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|Case Number:||Petition E092 of 2020|
|Parties:||Jonathan Muia v Board of Directors, Anti-Counterfeit Authority; Ethics and Anti-Corruption Commission, Fridah Kaberia & Public Service Commission (Interested parties)|
|Date Delivered:||26 Jan 2021|
|Court:||High Court at Nairobi (Milimani Law Courts)|
|Judge(s):||Nzioki wa Makau|
|Citation:||Jonathan Muia v Board of Directors, Anti-Counterfeit Authority; Ethics and Anti-Corruption Commission & 2 others (Interested parties)  eKLR|
|Court Division:||Employment and Labour Relations|
|Case Outcome:||Notice of motion dismissed|
|Disclaimer:||The information contained in the above segment is not part of the judicial opinion delivered by the Court. The metadata has been prepared by Kenya Law as a guide in understanding the subject of the judicial opinion. Kenya Law makes no warranties as to the comprehensiveness or accuracy of the information|
REPUBLIC OF KENYA
IN THE EMPLOYMENT & LABOUR RELATIONS
COURT OF KENYA AT NAIROBI
PETITION NO. E092 OF 2020
IN THE MATTER OF ARTICLES 22(l) & 258 OF THE CONSTITUTION AND
IN THE MATTER OF ALLEGED CONTRAVENTION OF RIGHTS OR FUNDAMENTAL FREEDOMS UNDER ARTICLES 10, 27, 73 & 232 OF THE CONSTITUTION
IN THE MATTER OF PUBLIC SERVICE (VALUES AND PRINCIPLES) ACT, NO. l A OF 2015
IN THE MATTER OF THE LEADERSHIP & INTEGRITY ACT, NO. 19 OF 2012
IN THE MATTER OF THE PUBLIC SERVICE COMMISSION ACT, NO. 10 OF 2017
IN THE MATTER OF MWONGOZO, THE CODE OF GOVERNANCE FOR STATE CORPORATIONS, 2015
BOARD OF DIRECTORS,
THE ETHICS AND
ANTI-CORRUPTION COMMISSION.................1ST INTERESTED PARTY
FRIDAH KABERIA................................................2ND INTERESTED PARTY
PUBLIC SERVICE COMMISSION.....................3RD INTERESTED PARTY
1. The Petitioner seeks for an order staying the decision of the Respondent to select and appoint the 2nd Interested Party as the Acting Executive Director of the Anti-Counterfeit Authority pending the hearing and determination of the Petition. It is supported by the Petitioner’s affidavit in support of the notice of motion application dated 3rd December 2020 and the grounds on the face of the motion. The Petitioner asserts that the Petition raises novel and fundamental issues related to appointments in the public service. He argues that the appointment of the 2nd Interested Party is subject to the requirements of Chapter Six of the Constitution.
2. The Petitioner sought in the main for the following orders
b. An interim order staying the decision of the Respondent to select and appoint the 2nd Interested Party, Fridah Kaberia, as the Ag. Executive Director of the Anti-Counterfeit Authority does issue, pending the hearing and determination of this Application inter partes.
c. An interim order staying the decision of the Respondent to select and appoint the 2nd Interested Party, Fridah Kaberia, as the Ag. Executive Director of the Anti-Counterfeit Authority does issue pending the hearing and determination of this Petition.
d. Costs be provided for.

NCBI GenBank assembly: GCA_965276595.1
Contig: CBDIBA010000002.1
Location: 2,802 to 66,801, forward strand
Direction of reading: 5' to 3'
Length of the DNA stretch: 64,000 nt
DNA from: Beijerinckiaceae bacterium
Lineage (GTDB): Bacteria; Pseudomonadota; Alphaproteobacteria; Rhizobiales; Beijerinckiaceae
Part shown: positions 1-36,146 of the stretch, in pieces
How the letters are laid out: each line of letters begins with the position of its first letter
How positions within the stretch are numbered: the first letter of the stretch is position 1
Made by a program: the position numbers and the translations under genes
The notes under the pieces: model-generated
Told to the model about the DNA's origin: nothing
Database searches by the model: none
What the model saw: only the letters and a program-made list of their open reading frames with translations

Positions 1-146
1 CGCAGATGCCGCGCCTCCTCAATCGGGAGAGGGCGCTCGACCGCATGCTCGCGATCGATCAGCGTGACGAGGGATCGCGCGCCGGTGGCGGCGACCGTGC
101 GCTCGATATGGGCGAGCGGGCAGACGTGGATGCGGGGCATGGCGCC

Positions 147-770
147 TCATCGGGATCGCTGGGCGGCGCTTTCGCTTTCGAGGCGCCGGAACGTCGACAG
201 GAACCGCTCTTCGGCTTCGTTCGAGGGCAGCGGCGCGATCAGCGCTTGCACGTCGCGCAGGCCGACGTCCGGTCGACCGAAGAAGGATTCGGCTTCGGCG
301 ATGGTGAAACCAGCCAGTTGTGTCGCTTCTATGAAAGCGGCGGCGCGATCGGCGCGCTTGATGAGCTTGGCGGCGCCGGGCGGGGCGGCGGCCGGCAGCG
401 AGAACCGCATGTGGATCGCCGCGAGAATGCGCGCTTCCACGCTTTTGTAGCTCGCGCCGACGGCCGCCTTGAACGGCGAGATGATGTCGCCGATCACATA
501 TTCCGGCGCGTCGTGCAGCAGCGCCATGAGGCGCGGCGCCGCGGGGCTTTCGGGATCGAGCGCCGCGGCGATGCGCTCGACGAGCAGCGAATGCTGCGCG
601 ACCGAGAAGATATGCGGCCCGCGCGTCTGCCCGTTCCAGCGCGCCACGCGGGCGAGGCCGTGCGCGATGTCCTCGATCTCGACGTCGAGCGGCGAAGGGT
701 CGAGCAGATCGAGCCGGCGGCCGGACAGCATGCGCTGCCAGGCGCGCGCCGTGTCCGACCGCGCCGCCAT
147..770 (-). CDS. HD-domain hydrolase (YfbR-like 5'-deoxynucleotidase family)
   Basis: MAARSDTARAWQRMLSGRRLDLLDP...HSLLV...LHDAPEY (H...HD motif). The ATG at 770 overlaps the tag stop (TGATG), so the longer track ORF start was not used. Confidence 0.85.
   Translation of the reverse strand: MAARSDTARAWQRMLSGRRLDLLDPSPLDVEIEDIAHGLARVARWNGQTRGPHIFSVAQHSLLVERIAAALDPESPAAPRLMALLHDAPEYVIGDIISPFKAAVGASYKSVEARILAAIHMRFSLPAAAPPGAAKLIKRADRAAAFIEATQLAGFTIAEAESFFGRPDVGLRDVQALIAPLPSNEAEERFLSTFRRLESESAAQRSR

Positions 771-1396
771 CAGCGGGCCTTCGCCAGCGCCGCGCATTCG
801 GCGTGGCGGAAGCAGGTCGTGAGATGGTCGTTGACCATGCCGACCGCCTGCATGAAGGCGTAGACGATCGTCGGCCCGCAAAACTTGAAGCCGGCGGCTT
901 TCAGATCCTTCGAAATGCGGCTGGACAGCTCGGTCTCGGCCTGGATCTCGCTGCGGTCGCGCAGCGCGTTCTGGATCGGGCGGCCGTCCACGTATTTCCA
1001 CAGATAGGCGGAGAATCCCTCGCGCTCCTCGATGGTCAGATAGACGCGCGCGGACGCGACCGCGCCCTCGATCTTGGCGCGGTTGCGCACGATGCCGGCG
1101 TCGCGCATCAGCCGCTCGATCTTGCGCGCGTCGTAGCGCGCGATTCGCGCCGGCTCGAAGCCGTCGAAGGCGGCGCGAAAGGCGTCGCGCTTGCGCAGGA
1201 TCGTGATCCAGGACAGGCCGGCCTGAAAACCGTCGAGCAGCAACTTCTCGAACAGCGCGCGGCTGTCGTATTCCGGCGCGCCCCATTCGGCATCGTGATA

3. The Respondent and the 2nd Interested Party are opposed to the Motion. The 2nd Interested Party and the Respondent are stated to have filed a Replying affidavit sworn by the 2nd Interested Party on 14th December 2020. However, in the CTS System and the Court file I could not trace a copy of the Replying Affidavit and as such the decision is rendered having no benefit of the response in the Replying Affidavit.
4. The Petitioner filed submissions and it would seem the Respondent and Interested Parties did not file any submission. The Petitioner isolated the issues he felt were necessary for determination. On the issue as to whether the Petition has an arguable case, the Petitioner submitted that the Petition raises novel and fundamental issues related to appointments in the public service and compliance of such appointments with Chapter Six of the Constitution. The Petitioner submitted that there are key issues for determination in the Petition herein as follows:-
i. What is the law on appointments to public office?
ii. Whether the appointment of the 2nd Interested Party was subject to the requirements of Chapter Six (Article 73) of the Constitution.
iii. The standard test for meeting the requirements of Chapter Six (Article 73) of the Constitution.
iv. Whether the 2nd Interested Party possesses the requisite knowledge and experience for the position of Executive Director of the Authority.
v. Whether the appointment of the 2nd Interested Party complied with the provisions of Articles 10, 27 & 232 of the Constitution.
vi. Whether the appointment of the 2nd Interested Party undermines the expeditious appointment or deployment of a competent person to the vacant position of Executive Director of the Authority.
vii. Whether bad faith is an issue.
It was submitted that the primary law on appointments to public office save for Constitutional offices is Section 34 of the Public Service Commission Act as read together with Section 2 of the Act. It was submitted that Section 2 of the Public Service Commission Act, No. 10 of 2017 defines appointment as follows:- "appointment" includes appointment, acting appointment, re-appointment, promotion and re-designation;"
The Petitioner urged the Court to give full and true meaning to the definition of "appointment" aforesaid to avoid the charade being peddled by the Respondent herein that the prescribed qualifications for a given position do not apply in case of acting appointments, that the prescribed qualifications including integrity clearance only apply when a position is being filled competitively. In a nutshell, it is irrelevant whether the appointment is acting or reappointment or otherwise. The appointee must meet all the prescribed qualifications including Chapter 6 requirements of the Constitution. The Petitioner submitted that Section 34(1) of the Public Service Commission Act makes additional provision on acting appointments as follows. It provides that acting appointments shall be-
(a) made by the lawful appointing authority; and
(b) subject to the prescribed regulations and procedures which apply to appointments.
The Act further provides under 34(2) and (3) as follows:-
(2) A person shall not be appointed to hold a public office in an acting capacity unless the person satisfies all the prescribed qualifications for holding the public office.
(3) An officer may be appointed in an acting capacity for a period of at least thirty days but not exceeding a period of six months.
(4) A public officer may be assigned to perform duties vested in another public officer during a temporary absence of the other public officer.
(5) An acting appointment under subsection (4) shall-